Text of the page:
An Epidemiological Study on Risk Factors for the Development of Serious Mental Illness In At-Risk Youth

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Usually, mental illnesses begin in adolescence and early adulthood, and for many, persist over time. Consequently, mental illnesses lead to significant personal and societal burden. In response, there has been increasing effort in early intervention strategies that may help with delaying or stopping the progression of a mental illness to a more serious state. Aside from finding early intervention strategies best suited for young people, it is imperative to understand the psychosocial, biological and environmental factors that may lead to the development of a mental illness. Research on these early factors in youth mental illness development is limited. The aim of this study was to determine which clinical factors might be related to the development of a serious mental illness (SMI) in at-risk youth. A total of 162 participants aged 12-26 years and at various stages of risk for SMI were included in the study. Out of these participants, 31 developed a SMI. Comparisons were made on a range of baseline clinical and functional measures between two groups; those that made a transition to a SMI (n=31) and those that did not (n=131). A cox regression analysis was used to assess the relationship between measures and SMI development. Female sex, attenuated psychotic symptoms as assessed with the Scale of Psychosis-risk Symptoms (SOPS), and higher ratings on the K-10 Distress Scale were found to be significantly related to later transition to a SMI. Female participants were 2.77 times more likely to transition to SMI compared to the males. There was a 14% increased risk of transition with each one-point increase in the SOPS, and a 7% increase with a one-point increase in the K-10 scale. Results from this longitudinal study may help improve understanding of illness trajectory and aid with early detection in mental illnesses.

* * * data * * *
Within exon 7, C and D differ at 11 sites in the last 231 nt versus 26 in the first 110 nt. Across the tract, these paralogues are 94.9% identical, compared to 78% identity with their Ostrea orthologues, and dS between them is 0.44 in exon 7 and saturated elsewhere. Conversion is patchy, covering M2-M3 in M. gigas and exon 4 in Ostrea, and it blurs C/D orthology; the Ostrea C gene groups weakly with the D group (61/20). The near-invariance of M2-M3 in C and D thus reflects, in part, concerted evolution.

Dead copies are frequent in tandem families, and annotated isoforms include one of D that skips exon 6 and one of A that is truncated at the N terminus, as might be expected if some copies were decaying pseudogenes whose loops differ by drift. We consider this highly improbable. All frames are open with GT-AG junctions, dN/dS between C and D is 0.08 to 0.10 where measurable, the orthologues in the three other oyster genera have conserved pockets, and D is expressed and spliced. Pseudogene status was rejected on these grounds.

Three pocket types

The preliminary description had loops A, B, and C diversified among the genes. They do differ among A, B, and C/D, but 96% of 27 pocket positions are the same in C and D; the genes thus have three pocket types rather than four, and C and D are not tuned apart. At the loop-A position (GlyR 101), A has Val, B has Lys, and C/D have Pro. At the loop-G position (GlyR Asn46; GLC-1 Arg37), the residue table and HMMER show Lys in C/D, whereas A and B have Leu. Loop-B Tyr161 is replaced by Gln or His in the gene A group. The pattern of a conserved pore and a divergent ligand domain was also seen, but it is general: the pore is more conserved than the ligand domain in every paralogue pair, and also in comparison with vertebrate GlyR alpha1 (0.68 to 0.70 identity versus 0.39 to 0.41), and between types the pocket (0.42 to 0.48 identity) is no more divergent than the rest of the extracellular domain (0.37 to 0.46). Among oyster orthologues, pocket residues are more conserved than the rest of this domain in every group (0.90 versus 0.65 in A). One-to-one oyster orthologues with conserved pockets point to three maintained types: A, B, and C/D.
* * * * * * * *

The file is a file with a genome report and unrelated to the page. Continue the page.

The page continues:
Youth mental health, Transition to serious mental illness, Clinical staging
Jalali, S. (2023). An epidemiological study on risk factors for the development of serious mental illness in at-risk youth (Master's thesis, University of Calgary, Calgary, Canada). Retrieved from